“The popular idea seems to be, that the Comyns (of Whitwick Castle) were great giants. One of them, said my informant, attempted to carry off one of the Ladies of Groby Castle, who left that place for security, intending to take sanctuary at Grace Dieu. Going, however, by a circuitous route, to avoid Charley and Whitwick, she was benighted, and would have perished in the Outwoods, but for one of the Monks of the Holy Well.”
The legend tells how after a considerable pursuit, she upon reaching the hermitage, collapsed and died. A monk then used the water to bring her back to life. Potter (1942) tells the story in verse:
|The oaks of the forest were Autumn-tinged, And the winds were at sport with their leaves When a maiden traversed the rugged rocks That frown over WOODHOUSE EAVES.||The Hermit upraised the stiffened form, And he bore to the HOLY WELL: Three Paters or more he muttered o’er, And he filled his scallop shell.|
|The rain fell fast – she heeded it not Though no hut or home appears; She scarcely knew if the falling drops Were rain drops or her tears.||He sprinkled the lymph on the Maiden’s face, And he knelt and he prayed by her side Not a minute’s space had he gazed on her face Ere signs of life he spied…..|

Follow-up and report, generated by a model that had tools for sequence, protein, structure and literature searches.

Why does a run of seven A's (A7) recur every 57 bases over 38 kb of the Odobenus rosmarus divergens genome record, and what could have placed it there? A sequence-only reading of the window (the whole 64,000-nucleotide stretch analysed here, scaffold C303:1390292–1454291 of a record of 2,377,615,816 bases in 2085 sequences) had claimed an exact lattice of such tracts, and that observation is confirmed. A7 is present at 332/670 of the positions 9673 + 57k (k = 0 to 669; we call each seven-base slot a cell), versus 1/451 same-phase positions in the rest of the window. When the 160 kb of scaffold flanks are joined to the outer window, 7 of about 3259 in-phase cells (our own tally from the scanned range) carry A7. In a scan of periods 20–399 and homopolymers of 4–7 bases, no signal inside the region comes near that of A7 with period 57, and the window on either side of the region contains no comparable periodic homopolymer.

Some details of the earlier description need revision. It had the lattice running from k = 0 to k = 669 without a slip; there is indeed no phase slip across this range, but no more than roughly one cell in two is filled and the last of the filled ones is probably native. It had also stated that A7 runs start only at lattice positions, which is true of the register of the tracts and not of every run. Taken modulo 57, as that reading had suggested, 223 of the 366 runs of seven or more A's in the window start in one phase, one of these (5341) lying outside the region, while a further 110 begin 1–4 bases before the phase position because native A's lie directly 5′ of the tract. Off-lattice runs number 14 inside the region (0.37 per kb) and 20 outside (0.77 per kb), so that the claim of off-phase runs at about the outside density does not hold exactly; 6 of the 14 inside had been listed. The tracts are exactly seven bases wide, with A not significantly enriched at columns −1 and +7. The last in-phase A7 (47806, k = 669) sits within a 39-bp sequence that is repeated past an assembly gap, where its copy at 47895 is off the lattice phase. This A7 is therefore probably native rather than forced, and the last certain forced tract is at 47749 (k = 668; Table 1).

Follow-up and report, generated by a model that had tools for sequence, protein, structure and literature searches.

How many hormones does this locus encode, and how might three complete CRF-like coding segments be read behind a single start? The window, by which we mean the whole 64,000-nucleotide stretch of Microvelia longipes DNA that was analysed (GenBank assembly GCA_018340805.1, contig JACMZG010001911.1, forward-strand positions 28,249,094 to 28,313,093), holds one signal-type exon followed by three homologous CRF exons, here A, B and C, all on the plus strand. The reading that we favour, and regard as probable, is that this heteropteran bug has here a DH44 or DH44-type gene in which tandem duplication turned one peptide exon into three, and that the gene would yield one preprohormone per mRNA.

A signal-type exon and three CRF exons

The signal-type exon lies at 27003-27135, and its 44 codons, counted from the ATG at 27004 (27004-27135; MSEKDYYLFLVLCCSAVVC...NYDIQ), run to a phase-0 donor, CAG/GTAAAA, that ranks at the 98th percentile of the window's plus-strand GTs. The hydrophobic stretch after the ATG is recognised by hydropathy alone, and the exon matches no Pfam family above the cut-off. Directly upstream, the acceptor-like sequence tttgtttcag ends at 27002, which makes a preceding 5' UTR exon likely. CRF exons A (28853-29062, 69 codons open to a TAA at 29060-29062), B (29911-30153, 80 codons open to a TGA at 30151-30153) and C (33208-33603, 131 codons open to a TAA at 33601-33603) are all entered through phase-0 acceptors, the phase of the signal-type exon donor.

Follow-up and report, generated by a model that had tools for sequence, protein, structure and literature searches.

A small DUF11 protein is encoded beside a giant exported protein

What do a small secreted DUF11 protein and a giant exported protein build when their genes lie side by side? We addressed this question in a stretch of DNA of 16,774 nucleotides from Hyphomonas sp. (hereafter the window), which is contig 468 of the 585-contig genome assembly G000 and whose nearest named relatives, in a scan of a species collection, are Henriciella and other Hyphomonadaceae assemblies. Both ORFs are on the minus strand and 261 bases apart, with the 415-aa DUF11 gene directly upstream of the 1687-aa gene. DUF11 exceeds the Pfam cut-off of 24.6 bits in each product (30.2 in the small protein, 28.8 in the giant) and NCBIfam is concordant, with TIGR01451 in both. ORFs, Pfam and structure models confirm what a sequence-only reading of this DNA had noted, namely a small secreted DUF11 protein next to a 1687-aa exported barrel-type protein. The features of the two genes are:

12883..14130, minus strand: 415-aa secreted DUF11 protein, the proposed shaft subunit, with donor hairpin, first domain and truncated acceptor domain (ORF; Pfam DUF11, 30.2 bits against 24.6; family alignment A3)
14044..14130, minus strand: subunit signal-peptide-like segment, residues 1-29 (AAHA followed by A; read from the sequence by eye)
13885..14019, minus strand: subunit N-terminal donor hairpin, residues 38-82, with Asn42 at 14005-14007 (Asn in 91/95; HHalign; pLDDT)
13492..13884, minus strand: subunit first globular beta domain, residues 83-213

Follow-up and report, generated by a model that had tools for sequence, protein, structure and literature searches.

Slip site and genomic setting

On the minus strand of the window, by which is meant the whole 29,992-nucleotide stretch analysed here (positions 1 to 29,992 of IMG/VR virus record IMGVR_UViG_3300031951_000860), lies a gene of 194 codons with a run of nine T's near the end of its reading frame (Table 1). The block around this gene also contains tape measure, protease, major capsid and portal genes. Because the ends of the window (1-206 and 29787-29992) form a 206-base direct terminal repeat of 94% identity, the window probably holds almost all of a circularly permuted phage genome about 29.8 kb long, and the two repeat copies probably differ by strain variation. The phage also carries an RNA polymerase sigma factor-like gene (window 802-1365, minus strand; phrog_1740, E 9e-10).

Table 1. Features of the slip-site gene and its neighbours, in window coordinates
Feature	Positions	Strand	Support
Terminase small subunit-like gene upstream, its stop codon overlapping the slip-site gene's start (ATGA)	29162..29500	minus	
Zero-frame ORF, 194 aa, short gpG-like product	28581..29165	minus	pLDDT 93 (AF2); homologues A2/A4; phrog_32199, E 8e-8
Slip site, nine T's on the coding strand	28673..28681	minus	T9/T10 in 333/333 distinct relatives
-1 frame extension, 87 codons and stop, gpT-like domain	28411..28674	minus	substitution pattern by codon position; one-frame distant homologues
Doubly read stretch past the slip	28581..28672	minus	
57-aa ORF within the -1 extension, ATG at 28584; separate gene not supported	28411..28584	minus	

|Onward she hied through the OUTWOODS dark (And the Outwoods were darker then) She feared not the Forest’s deepening gloom She feared unholy men.||Spring had invested the CHARNWOOD oaks With their robe of glistening green, When on palfreys borne, one smiling morn, At the HOLY WELL’s HAW were seen.|
|Lord Comyn’s scouts were in close pursuit, For Lord Comyn the Maid had seen, And had marked her mother’s only child For his paramour, I ween.||A youth and a Lady, passing fair, Who asked for the scallop shell: A sparkling draught each freely quaffed, And they blessed the HOLY WELL.|
|A whistle, a whoop from the BUYK HYLLS side, Told Agnes her foes were nigh: And screened by the cleft of an aged oak, She heard quick steps pass by.||They blessed that Well, and they fervently blessed The Holy Hermit too; To that and to him they filled to the brim The scallop, and drank anew.|
|Dark and dread fell that autumn night: The wind-gusts fitful blew: The thunder rattled: – the lightning’s glare Showed BEACON’s crags to view.||“Thanks, Father! Thanks! – To this well and thee,” Said the youth, “But to Heaven most, I owe the life of the fairest wife That CHARNWOOD’s bounds can boast.|
|The thunder neared – the lightning played Around the sheltering oak; But Agnes, of men, not God afraid, Shrank not at the lightning’s stroke!||“The blushing bride thou seest at my side. (Three hours ago made mine) Is she who from death was restored to breath By Heaven’s own hand and thine”.|
|The thunder passed – the silvery moon Burst forth from her cave of cloud, And showed in the glen “Red Comyn’s” men, And she breathed a prayer aloud:-||“The Prior of ULVERSCROFT made us one, And we hastened here to tell How much we owe to kind Heaven and thee, For the gift of the HOLY WELL”.|